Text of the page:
2. Phil Robertson the Patriarch and the men of the family. Just by watching the show you see male leadership. I have a respect for Phil Robertson in that he leads his family, he teaches his kids and grand kids the things that he’s learned over the years, his wife loves and respects him and he loves her, he promotes hard work and is a prime example of someone who made it from nothing to something because of the grace of God and his work ethic. Black family we need this infused into our community once again. We need Godly patriarchs that will lead families and teach the young boys how to become real men. We need no nonsense fathers, uncles, and grandfathers that will impart wisdom and knowledge that is beneficial to the younger generation of black men. We need older women that will teach the younger how to take care of the home and how to create an atmosphere of love for all who come through the doors.
3. Respect for God. I would say if I asked how many or our black homes eat meals together as a family, or how many of us grew up seeing a patriarchal figure in our home each night open our meal up with prayer the answer would be a very low amount of our black homes do this. Of course I’m guessing based on personal experience and the knowledge of friends and families I’ve observed but I think my guess is pretty accurate. Also within the show you see the family not ashamed to speak or their priority of church and God and his Word. This was something that we once had in the black community but my fear is that the fear of God is rapidly going away in our homes.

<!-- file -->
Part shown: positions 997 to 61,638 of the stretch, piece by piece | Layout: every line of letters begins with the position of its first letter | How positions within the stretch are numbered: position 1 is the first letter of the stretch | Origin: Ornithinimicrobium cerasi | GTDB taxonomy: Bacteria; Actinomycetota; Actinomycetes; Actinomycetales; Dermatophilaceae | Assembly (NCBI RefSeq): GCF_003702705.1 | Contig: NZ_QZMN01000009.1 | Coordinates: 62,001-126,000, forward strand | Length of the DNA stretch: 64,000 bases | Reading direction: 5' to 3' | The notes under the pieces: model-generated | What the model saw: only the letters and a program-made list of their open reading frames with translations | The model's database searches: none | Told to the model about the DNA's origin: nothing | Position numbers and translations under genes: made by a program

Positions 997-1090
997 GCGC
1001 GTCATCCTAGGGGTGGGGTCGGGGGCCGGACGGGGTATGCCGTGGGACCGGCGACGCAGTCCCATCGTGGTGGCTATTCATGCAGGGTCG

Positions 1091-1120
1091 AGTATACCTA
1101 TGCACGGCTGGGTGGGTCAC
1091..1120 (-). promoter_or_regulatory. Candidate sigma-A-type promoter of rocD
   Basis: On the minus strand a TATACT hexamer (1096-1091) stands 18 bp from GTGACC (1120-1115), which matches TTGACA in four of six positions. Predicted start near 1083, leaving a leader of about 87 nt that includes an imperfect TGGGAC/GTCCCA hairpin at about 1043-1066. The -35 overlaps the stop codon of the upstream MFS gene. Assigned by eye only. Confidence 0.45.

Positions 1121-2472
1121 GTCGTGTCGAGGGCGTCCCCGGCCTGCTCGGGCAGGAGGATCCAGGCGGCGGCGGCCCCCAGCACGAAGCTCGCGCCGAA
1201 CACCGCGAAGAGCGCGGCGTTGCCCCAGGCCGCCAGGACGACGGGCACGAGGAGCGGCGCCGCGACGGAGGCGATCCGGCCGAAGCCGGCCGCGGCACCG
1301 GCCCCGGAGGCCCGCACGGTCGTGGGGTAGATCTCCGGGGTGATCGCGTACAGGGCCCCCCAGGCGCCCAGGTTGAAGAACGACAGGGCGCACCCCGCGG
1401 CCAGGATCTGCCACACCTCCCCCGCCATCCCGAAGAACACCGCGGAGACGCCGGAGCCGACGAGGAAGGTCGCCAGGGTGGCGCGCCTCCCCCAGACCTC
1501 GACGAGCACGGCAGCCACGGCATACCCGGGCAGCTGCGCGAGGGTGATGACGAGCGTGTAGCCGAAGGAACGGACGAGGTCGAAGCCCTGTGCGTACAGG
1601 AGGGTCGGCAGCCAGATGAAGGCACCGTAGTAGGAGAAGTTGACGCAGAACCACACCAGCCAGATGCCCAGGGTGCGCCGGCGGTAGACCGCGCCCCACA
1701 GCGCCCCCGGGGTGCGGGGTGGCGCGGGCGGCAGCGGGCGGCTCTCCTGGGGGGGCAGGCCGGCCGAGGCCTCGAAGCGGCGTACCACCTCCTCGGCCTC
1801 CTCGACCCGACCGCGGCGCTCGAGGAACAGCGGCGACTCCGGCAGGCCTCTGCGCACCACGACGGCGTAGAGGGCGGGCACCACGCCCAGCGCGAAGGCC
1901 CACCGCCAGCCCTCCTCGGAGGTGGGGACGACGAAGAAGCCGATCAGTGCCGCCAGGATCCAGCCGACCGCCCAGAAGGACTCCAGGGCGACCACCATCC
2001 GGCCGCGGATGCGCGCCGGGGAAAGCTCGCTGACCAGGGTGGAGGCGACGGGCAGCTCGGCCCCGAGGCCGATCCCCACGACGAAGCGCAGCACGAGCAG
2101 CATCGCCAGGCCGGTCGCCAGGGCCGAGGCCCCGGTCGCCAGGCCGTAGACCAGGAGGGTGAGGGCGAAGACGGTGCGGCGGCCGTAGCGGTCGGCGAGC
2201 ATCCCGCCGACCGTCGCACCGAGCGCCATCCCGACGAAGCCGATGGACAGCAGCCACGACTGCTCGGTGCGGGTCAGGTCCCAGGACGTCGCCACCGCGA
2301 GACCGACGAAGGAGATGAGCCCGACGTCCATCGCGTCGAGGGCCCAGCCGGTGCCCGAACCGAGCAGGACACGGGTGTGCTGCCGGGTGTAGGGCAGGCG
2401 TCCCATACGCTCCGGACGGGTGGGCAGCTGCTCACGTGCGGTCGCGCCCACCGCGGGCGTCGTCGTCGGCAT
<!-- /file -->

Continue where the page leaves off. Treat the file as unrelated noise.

4. Well defined roles. Believe what you want but as men and women we have very distinct yet very important roles as it pertains to the home, the family and how our households function. I see Phil’s wife as a keeper of the home she not only loves to cook but from the looks of things she provides Phil and the rest of their family with an atmosphere of love and warmth. This is no knock on working wives (my wife is a working woman) but this goes far beyond whether a woman works or if she doesn’t this speaks to the atmosphere and environment of the home and whether a wife works or not she can create a favorable atmosphere for her husband and her kids to enjoy.